We’re delighted to see included among the “professionals who have demonstrated exceptional ability by publishing a significant body of work in the fields of natural sciences, social sciences, humanities, and the creative arts,” a roster of fellowship winners affiliated with the University of Chicago Press:


Susan Bee, Fine Arts; contributor of cover images to With Strings: PoemsMy Way: Speeches and PoemsGirly Man, and Recalculating, all by Charles Bernstein

Susan Bernofsky, Translation; contributor to The Sound of Poetry/The Poetry of Sound (ed. Marjorie Perloff and Craig Dworkin)

Deborah R. Coen, History of Science, Technology, and Economics; author of The Earthquake Observers: Disaster Science from Lisbon to Richter and Vienna in the Age of Uncertainty: Science, Liberalism, and Private Life

Andrew Cole, Medieval and Renaissance Literature; author of The Birth of Theory

Donald Crafton, Film, Video, and Radio Studies; author of Before Mickey: The Animated Film, 1898–1928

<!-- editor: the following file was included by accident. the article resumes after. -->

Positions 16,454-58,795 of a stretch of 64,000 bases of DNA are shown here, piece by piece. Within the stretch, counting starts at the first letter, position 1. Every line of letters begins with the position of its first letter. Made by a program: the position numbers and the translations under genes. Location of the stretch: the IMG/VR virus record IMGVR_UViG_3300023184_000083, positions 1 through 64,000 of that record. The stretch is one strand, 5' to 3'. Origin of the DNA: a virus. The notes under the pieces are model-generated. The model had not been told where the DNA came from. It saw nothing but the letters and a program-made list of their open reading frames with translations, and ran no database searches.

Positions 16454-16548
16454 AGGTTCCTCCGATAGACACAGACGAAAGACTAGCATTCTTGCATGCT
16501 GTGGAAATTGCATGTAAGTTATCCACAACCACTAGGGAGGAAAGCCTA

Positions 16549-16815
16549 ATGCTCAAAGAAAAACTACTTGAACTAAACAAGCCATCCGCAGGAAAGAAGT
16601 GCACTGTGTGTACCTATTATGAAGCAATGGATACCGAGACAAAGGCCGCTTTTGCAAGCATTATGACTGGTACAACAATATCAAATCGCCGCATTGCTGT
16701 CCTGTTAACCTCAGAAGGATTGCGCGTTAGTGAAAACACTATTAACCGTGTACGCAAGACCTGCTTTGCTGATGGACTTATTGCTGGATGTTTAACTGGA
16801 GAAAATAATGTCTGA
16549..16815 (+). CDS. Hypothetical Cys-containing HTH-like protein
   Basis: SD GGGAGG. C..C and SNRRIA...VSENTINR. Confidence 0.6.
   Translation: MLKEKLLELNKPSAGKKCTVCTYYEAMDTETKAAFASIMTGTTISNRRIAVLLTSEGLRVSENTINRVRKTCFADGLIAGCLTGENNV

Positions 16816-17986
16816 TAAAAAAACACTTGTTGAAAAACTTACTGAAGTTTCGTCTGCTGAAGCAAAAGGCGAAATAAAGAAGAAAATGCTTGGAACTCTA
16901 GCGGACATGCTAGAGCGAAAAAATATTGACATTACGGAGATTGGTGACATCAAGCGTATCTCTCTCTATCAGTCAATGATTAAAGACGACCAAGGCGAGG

Latoya Ruby Frazier, Photography; contributor to The Way of the Shovel: On the Archaeological Imaginary in Art

Joseph P. Gone, Psychology; advisory board member for The Child: An Encyclopedic Companion

Yunte Huang, General Nonfiction; contributor to The Sound of Poetry/The Poetry of Sound (ed. Marjorie Perloff and Craig Dworkin)

Sarah Kay, Medieval and Renaissance Literature, author of Animal Skins and Human Selves in Medieval Latin and French Bestiaries (forthcoming)

Carla Mazzio, English Literature; editorial board member, Renaissance Drama and author of The Trouble with Numbers: The Drama of Mathematics in the Age of Shakespeare (forthcoming)

Ange Mlinko, Poetry; contributor to The Open Door: One Hundred Poems, One Hundred Years of Poetry Magazine

Monika Piazzesi, Economics; editorial board member, Journal of Political Economy

Rayna Rapp, Anthropology and Cultural Studies; contributor to Connected: Engagements with Media (ed. George E. Marcus)

Victoria Redel, Fiction; author of Swoon (Phoenix Poets)

Haun Saussy, East Asian Studies; editorial board member, Modern Philology

Susan Sidlauskas, Fine Arts Research; editorial board member, Signs

Rachel Sussman, Photography; author of The Oldest Living Things in the World

Emily Talen, Architecture, Planning, and Design; author of Neighborhood: The Measure and Meaning of an Urban Ideal (forthcoming)

Marjorie Welish, Poetry; contributor to The Studio Reader: On the Space of Artists

Congratulations, again, to the new cohort of Fellows!

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18. Studio Watercolor